Lets say I have a battery that has 100mAh, and I am using it to power an IC that according to it's datasheet, consumes 1mA.

I understand that if I were to connect my IC to a bench power supply I would see it consumes 1mA (if it has a display), and theoretically I could leave it running constantly for months, but what about connecting it to a battery? How can I calculate the minutes/hours I can leave the device running?


Well, 100mAH/1mA = 100 hours. Depending on the battery, its output may droop to an unusable level before the 100 hours. NiMH or Li based batteries have the output level better before dropping off. 100 hours/24 hrs/day = just over 4 days.

  • \$\begingroup\$ What I don't understand is, that current consumption of 1mA that is specified on the datasheet - is it per minute? per hour? \$\endgroup\$ – nettek Jan 29 '19 at 19:02
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    \$\begingroup\$ It isn't "per" anything -- it's continuous. Current is defined as the amount of charge (coulombs) that pass in a given amount of time: 1A = 1C per second. That's why battery capacity (charge) is given as current * time. The units of mA and hours are the most convenient, but it could just as well been specified as 360 Coulombs. \$\endgroup\$ – Dave Tweed Jan 29 '19 at 19:05
  • \$\begingroup\$ @Eran Current is a rate quantity. One ampere is one coulomb per second, if you must have a per in there, so 1mA is 1mC/s. \$\endgroup\$ – Hearth Jan 29 '19 at 19:10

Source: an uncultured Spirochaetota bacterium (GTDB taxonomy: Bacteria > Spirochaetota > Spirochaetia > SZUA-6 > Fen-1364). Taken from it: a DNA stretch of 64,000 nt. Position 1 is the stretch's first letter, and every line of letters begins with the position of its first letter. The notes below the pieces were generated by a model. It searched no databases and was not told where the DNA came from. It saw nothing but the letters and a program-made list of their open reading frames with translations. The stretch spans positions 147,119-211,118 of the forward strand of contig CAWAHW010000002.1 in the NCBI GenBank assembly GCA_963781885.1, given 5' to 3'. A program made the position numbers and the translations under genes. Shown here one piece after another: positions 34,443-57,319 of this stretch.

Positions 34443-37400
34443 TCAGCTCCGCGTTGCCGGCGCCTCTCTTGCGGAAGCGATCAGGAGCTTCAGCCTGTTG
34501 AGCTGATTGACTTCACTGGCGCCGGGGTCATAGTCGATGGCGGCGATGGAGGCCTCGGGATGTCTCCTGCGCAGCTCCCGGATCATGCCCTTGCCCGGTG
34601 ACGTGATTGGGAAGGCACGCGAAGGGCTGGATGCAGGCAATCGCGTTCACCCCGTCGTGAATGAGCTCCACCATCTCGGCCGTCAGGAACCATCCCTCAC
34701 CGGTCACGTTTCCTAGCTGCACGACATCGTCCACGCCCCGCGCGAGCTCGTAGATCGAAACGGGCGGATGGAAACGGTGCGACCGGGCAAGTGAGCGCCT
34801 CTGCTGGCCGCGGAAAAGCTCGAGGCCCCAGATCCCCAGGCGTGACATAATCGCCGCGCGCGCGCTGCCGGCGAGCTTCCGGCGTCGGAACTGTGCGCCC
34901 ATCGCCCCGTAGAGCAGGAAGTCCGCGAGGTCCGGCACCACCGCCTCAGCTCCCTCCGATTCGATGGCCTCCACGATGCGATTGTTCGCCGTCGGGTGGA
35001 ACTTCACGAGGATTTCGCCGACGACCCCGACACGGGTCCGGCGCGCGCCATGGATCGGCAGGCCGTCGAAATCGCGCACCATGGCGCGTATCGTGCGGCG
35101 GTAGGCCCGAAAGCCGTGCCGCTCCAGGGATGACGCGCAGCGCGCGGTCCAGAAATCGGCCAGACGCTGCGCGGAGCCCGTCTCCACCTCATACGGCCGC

• \$\begingroup\$ If I have a battery of 100mAh, and a load that according to it's datasheet, draws 100mA, does it mean that after connecting the load, the battery will be able to supply 100mA continuously for exactly 1 hour (theoretically)? \$\endgroup\$ – nettek Jan 29 '19 at 19:21
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    \$\begingroup\$ With an ideal battery, sure. With a real battery, doubtful. The 100mA will likely cause the battery output voltage to droop pretty quickly, and once the voltage drops it is not clear how much current the load will continue to draw, or if it will work correctly. For example, an Atmega328P clocked at 16 MHz needs a 3.8V to 5.5V to work correctly. Once 3.8V is reached, it may continue to work correctly for whatever the code is doing, or some parts may appear to have errors (such as serial interface). An example is this: CR2032 battery, 235mAH - but only designed for 0.2mA output current. \$\endgroup\$ – CrossRoads Jan 29 '19 at 19:30

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